Jharkhand has become the newest Indian state to initiate a ban on polythene bag usage. Plastic is ubiquitous in our lives — not only as bags, it is found in our utensils, household items, and sometimes even in consumer goods. As we come to terms with the adverse effects of plastic consumption, the need to switch to a healthier way of living has become more acute than ever.
If you are just getting started on giving up plastic, here are some simple everyday alternatives to consider.
1. Swap polythene for cloth
Foldable cloth bags from Smallsteps. Source: Facebook
In varied shapes and sizes, polythene bags are the biggest perpetrators of plastic waste. Despite blanket bans in many states, and citizen movements, these bags continue to be in use. What are the alternatives? Cloth bags are reusable, as are bags made from jute, burlap or even recycled plastic.
SmallSteps Bags is a social enterprise spearheaded by Upasana Studio, which engages disadvantaged women in creating handmade cloth bags. The profits are shared by artisans and contributed to poor village schools too.
2. Bottle up
Eco-friendly glass bottles. Source: Flickr
It’s common for us to buy bottled water when we are outdoors or travelling. These bottles are either trashed or end up being reused at home — both equally damaging to the environment and our health.
Switch to glass bottles, which don’t contain Bisphenol A (BPA), an industrial chemical used in certain plastics, and are thus less likely to affect users with harmful toxins. Heavy as they are, glass bottles are not the best bet for travelling. Try stainless steel bottles and make sure that there is no plastic coating inside the bottles.
3. Serveware with care
Sustainable serveware by Pappco. Source: Facebook
Melamine dinnerware is ubiquitous in households today, but studies have testified to their toxic properties and their non-recyclability. Instead, use glass, ceramic or good old stainless steel.
Disposable serveware — usually made of plastic — has a way of sneaking into households. Commonly used during parties, you can replace those with more eco-conscious choices. Check out Pappco, which makes serveware from sugarcane, or Bakey’s whose millet-based cutlery is actually edible.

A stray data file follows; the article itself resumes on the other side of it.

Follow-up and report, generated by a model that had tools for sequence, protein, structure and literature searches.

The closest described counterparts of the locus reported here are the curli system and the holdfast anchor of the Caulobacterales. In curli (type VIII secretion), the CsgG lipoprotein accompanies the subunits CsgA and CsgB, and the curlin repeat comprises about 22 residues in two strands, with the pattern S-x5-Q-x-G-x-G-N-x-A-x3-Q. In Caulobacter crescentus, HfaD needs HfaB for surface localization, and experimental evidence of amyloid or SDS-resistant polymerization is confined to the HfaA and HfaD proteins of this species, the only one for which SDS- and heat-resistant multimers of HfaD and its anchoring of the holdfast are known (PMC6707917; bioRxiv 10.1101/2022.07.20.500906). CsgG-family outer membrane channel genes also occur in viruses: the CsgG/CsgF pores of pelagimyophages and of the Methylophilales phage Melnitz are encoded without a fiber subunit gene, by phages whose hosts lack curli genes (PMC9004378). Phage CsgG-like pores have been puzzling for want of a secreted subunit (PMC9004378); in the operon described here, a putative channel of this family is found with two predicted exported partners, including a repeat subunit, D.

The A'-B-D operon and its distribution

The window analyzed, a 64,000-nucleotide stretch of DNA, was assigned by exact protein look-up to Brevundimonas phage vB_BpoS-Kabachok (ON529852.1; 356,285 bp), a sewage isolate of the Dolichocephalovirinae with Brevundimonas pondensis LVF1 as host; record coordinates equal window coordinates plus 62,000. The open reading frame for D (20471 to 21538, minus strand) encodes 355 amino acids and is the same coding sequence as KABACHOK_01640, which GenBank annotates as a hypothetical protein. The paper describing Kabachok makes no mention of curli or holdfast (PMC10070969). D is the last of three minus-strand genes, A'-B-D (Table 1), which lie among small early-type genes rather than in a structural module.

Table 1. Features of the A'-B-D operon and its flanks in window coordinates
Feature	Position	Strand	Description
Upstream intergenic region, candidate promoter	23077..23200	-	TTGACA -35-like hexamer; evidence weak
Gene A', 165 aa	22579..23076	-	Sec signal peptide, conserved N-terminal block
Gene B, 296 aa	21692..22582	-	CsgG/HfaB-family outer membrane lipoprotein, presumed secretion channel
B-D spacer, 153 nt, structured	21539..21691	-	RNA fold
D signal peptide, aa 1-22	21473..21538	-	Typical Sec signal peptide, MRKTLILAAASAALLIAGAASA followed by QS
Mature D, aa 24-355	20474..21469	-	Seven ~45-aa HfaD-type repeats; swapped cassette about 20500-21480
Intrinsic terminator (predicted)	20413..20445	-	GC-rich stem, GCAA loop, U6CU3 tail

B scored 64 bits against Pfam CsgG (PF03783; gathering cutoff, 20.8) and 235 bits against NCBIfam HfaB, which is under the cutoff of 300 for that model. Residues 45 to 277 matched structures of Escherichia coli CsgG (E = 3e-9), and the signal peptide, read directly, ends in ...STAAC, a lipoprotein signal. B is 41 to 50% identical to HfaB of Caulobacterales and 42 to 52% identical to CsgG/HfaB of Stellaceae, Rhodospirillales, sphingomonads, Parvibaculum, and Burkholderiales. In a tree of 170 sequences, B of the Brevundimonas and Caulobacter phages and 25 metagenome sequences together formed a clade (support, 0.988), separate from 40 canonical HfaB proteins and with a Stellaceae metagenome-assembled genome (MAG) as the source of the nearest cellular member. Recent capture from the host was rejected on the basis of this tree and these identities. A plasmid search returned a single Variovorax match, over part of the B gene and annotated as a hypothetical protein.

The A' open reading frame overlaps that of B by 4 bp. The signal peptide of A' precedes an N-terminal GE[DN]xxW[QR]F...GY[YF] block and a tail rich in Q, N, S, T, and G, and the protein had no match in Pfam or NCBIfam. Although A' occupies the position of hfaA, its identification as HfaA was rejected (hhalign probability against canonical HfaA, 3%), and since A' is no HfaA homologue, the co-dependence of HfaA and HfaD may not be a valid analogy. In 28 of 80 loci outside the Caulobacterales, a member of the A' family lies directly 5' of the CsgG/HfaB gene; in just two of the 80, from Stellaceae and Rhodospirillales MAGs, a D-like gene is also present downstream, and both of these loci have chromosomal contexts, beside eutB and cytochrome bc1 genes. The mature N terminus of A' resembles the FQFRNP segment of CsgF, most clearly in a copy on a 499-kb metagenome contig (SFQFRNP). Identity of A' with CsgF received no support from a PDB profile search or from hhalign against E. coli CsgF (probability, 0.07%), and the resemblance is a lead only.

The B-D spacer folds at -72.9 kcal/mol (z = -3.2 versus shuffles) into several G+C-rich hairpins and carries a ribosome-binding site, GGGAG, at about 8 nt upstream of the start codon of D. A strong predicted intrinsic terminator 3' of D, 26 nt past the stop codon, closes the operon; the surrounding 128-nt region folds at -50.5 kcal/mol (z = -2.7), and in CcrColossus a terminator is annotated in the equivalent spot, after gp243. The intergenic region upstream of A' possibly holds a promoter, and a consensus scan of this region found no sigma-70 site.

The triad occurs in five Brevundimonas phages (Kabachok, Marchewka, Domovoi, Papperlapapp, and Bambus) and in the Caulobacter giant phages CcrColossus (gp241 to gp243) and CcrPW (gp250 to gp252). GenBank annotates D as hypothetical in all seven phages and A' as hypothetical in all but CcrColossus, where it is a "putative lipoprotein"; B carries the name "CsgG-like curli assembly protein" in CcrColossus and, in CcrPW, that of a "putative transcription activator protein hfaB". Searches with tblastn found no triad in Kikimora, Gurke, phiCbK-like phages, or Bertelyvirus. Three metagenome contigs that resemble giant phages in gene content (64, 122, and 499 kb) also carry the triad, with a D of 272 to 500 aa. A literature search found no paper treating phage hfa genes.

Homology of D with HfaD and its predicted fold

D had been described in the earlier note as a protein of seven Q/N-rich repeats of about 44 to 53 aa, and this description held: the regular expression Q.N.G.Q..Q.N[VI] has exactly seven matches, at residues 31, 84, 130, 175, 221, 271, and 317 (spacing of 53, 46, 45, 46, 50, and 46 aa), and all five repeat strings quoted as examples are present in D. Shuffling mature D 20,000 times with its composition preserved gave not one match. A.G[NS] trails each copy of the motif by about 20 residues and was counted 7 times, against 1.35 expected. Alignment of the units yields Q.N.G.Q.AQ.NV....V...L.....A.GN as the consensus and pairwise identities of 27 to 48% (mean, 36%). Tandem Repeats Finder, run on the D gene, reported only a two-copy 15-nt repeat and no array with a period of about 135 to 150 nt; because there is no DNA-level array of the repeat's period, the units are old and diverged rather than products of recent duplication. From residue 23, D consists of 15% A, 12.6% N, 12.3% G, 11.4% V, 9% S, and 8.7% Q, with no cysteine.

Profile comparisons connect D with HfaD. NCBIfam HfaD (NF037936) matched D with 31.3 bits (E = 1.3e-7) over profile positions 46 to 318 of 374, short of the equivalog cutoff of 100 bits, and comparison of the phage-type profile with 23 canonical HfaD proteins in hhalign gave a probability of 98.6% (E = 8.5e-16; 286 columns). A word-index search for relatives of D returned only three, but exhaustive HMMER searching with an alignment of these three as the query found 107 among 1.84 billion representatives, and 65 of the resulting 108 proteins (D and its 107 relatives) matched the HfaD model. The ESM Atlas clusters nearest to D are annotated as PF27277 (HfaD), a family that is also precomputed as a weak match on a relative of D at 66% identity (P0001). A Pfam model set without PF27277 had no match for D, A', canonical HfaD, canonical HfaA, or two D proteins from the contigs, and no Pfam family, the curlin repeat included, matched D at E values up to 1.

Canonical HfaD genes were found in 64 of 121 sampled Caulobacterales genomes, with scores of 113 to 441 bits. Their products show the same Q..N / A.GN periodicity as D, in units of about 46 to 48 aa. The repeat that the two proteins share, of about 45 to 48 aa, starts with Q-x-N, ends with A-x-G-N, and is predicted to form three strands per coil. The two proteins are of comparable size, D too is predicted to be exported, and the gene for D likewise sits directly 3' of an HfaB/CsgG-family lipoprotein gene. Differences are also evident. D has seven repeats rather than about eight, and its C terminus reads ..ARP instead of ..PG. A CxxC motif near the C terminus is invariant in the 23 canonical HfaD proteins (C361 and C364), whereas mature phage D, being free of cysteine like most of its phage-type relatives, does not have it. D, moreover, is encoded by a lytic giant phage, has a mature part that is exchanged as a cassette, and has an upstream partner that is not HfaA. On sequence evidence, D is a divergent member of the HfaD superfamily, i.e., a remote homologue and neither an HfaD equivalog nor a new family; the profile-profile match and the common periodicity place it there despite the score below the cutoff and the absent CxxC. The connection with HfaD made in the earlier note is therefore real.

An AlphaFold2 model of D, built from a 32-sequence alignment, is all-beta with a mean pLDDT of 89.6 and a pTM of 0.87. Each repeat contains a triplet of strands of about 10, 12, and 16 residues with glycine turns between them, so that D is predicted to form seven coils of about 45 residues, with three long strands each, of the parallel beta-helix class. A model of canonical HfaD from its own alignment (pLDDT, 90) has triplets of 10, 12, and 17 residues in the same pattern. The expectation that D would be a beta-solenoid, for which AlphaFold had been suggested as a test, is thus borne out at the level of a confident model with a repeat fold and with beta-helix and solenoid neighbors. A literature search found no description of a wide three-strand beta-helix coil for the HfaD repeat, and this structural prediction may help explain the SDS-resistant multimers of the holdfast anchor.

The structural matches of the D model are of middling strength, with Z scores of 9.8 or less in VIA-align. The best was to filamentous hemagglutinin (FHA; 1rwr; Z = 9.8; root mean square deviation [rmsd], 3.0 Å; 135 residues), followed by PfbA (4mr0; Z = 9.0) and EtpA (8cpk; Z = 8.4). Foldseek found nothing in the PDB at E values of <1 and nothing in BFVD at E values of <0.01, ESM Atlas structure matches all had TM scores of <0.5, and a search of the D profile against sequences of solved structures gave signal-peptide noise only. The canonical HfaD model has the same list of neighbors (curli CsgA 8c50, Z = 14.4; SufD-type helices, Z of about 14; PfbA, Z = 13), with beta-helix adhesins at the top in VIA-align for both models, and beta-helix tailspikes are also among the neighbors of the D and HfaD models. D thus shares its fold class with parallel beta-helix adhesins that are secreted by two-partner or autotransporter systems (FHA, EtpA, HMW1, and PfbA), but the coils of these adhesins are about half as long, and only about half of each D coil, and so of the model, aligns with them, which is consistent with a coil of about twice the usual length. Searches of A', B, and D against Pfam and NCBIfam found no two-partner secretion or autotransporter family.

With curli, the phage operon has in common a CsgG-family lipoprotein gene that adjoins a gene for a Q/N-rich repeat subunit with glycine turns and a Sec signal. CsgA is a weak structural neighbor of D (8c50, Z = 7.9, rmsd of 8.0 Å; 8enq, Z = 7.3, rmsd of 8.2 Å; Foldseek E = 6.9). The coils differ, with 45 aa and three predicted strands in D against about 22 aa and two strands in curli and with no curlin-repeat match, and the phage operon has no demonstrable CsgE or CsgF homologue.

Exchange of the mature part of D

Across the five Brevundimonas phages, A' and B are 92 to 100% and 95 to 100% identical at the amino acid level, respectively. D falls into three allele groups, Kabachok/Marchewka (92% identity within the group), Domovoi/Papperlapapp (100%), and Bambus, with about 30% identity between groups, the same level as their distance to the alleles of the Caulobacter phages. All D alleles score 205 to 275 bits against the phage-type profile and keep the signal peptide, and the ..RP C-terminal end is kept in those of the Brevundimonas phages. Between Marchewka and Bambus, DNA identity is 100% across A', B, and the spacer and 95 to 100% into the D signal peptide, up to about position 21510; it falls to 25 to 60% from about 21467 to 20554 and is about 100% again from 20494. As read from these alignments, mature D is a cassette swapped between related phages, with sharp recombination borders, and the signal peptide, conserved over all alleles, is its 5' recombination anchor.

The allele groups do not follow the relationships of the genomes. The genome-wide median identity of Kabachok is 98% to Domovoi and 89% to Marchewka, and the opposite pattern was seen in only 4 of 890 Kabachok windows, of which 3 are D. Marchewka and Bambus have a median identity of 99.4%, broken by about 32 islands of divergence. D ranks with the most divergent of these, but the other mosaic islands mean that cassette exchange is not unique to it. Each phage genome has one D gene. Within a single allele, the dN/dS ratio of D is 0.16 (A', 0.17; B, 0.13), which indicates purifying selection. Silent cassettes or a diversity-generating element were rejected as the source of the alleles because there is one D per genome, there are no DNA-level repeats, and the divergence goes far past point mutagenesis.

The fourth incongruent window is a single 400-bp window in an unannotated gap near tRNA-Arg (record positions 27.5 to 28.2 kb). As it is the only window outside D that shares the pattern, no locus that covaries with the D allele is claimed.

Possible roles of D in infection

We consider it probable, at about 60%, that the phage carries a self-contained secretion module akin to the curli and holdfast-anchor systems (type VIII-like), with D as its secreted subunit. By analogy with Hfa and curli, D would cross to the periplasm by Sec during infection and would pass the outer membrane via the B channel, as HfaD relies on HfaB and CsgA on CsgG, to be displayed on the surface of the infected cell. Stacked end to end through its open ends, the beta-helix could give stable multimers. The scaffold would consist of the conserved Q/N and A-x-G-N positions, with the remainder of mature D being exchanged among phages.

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4. Keep takeaway containers at bay
Make way for eco-friendly containers. Source: Pixabay
With a burgeoning culture of eating out and takeaways, our homes are filling up with plastic containers that have little sustainability beyond a few uses. Recycle and reuse, but a better alternative is to carry your own containers for takeaways. It might raise a few eyebrows, but many takeaway counters will hardly mind.
5. Stick not to Teflon
Steel utensils make for sustainable cooking. Source: Pexels
Non-stick cookware has changed kitchens in recent years, but the iconic Teflon coating is little more than a synthetic layer on cookware that can adversely affect the quality of food. With increasing concerns about the quality of food cooked on Teflon-coated ware, people are reverting to old-fashioned utensils and slow cookers.
6. Sealed pouches and cling film
Biodegradable bags by Envigreen. Source: Facebook
From vegetables to stationery, an array of household items is stored in zip pouches and cling wraps. Eco-friendly cling wraps are at an infantile stage in India, but you can use alternative container bags. Try Envigreen, whose seemingly plastic bags are made from tapioca and make for animal fodder when trashed.
7. Conscious household items
Detergents in recycled PET bottles. Source: Facebook
A variety of household items, from household cleaners to skincare products come in plastic bottles and pouches. With few eco-friendly alternatives, these can be surprisingly hard to combat and require a spot of DIY as well. But there are options—Project Auric, a cleaning agent manufactured by village women in Haryana, comes in recycled PET bottles.
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Opt for eco-friendly soaps and personal care products. Companies like The Body Shop and M.A.C let customers bring used bottles to be refilled at stores. Look for homegrown brands like SaND for Soapaholics that offer artisanal soaps without plastic packaging or make your own—reetha and henna continue to be popular among Indians.
Check out Smallsteps Bags on their website. For more on Envigreen, click here and shop Pappco products on their website. To get in touch with the Project Auric team, click here and check out SaND for Soapaholics on their website.